Ben D’Allesandro is putting pizzas and salads in insulated delivery bags at the pizza shop he runs with his brother, Nick, on St. Philip Street. He looks around at the other delivery drivers working that night and they divvy up responsibility for the orders. D’Allesandro takes three of the purchases and gets in the delivery truck. “There’s nothing tricky about it,” he says. “You answer the phone, make the pizza, and deliver it.”

Not to disagree with the D’Al’s founder, but he’s being humble.


He leaves the restaurant at 7:18 p.m. Before he gets in the car, or even thinks about using a GPS, D’Allesandro has planned out his route. It takes him from Hester Street to the Charleston Marriott on Lockwood Boulevard. Between the three spots, the driver hit a closed road, battled with the city’s beloved one-way streets, pushed through traffic, got out of the car multiple times, went up to the top floor of a hotel, and still arrived back at homebase by 7:50 p.m., ready to pick up more pizzas for delivery.

We’ll spare everyone the reminder that Holy City roads are a lawless black hole that we’re not escaping from any time soon. That’s one of the more average snafus found as a pizza delivery driver. “On a normal sunny day, at lunch, you have to be pretty wise and cautious with the route you take,” says D’Allesandro. “If you get on King or Meeting, you’re going to just sit in traffic the whole time. If you stay off the main arteries, it’s not too bad on a sunny day.”

But, a conversation about driving in Charleston isn’t complete without a quick rant about flooding. “Our busiest times ever are when Mother Nature is trying to put a hurtin’ on Charleston,” he says. “When it rains, it’s good for an hour or two because it’s super busy, everyone’s ordering food. But, then it gets to the point where every important intersection is flooded and you just can’t even get around.”

Since founding D’Al’s 12 years ago with Nick, the business has gotten used to the roads. D’Allesandro even says that the close proximity benefits them, compared to delivery services that are off the peninsula. “Down here, one of our drivers could take three or four or five deliveries at a time and be back in 25 minutes.”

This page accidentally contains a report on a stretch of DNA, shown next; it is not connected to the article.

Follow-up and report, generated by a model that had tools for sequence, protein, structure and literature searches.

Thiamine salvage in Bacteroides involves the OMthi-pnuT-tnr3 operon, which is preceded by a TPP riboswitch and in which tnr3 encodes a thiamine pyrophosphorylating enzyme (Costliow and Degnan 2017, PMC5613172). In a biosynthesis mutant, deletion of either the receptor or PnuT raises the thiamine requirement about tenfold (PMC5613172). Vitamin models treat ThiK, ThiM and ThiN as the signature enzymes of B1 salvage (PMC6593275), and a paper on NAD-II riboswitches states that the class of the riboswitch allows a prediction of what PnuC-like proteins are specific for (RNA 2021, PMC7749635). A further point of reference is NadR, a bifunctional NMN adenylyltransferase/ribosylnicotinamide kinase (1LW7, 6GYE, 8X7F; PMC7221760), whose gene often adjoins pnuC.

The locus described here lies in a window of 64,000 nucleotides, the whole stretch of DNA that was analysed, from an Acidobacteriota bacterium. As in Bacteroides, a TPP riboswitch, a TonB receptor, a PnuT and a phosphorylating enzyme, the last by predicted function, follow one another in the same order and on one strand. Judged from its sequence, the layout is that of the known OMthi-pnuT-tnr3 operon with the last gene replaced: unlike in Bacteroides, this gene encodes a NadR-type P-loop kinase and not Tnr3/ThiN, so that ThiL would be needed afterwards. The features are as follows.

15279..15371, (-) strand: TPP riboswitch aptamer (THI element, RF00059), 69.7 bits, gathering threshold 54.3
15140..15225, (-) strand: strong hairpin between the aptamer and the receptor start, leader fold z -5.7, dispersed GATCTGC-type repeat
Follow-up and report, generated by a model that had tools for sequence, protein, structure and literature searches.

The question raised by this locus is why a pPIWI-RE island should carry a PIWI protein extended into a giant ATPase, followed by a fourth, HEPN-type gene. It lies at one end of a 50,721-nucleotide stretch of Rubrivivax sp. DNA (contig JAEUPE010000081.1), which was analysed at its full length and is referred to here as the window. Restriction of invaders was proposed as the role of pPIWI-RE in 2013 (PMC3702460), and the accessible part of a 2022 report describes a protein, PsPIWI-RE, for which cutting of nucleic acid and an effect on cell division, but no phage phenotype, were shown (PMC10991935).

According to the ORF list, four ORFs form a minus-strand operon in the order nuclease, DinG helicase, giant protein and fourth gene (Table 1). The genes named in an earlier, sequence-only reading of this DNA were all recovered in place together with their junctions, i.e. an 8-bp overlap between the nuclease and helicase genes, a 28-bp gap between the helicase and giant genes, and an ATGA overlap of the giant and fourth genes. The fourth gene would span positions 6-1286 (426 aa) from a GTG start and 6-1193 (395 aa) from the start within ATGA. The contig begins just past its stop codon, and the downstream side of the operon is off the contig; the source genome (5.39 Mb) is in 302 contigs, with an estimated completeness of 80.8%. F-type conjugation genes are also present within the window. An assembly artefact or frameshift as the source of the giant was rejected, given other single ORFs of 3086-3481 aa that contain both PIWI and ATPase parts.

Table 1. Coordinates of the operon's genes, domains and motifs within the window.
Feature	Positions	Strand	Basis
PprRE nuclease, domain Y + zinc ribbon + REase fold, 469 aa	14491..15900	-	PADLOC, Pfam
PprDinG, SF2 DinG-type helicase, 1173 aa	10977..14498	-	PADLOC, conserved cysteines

D’Al’s has even seen firsthand the way the peninsula has changed. Sales, when they first started making food, used to drop during the summer months, but nowadays they stay consistently high throughout the year. D’Allesandro says that it’s a product of the increased tourism Charleston has seen. Surprisingly, he said they don’t deliver to dorm rooms as often as they used to.

The busiest time for D’Al’s delivery drivers is the evening. Lunch, D’Allesandro says, is pretty tough to categorize. “Sometimes, lunch is really busy. Sometimes, lunch is really slow … lunch is pretty unpredictable around here. For the most part, Friday lunch is really busy and then Friday night is really busy. Sunday night’s really busy, and the rest of the week, it’s busy, just not slamming busy.”

When delivering during the day, D’Al’s is often going out to businesses, while at night, they cater to residents. “We see every type of person,” says D’Allesandro. Bankers and construction workers will often sit at adjacent tables during lunch hours he says.

Things continue to go well for the business’ delivery service. The day (and night) in the life of a food runner can be relaxed, from the early morning duties of grating cheese and cutting vegetables, but it can be hectic, like the quick drives through narrow and old roads. It seems like a balancing act that Ben D’Allesandro doesn’t mind managing.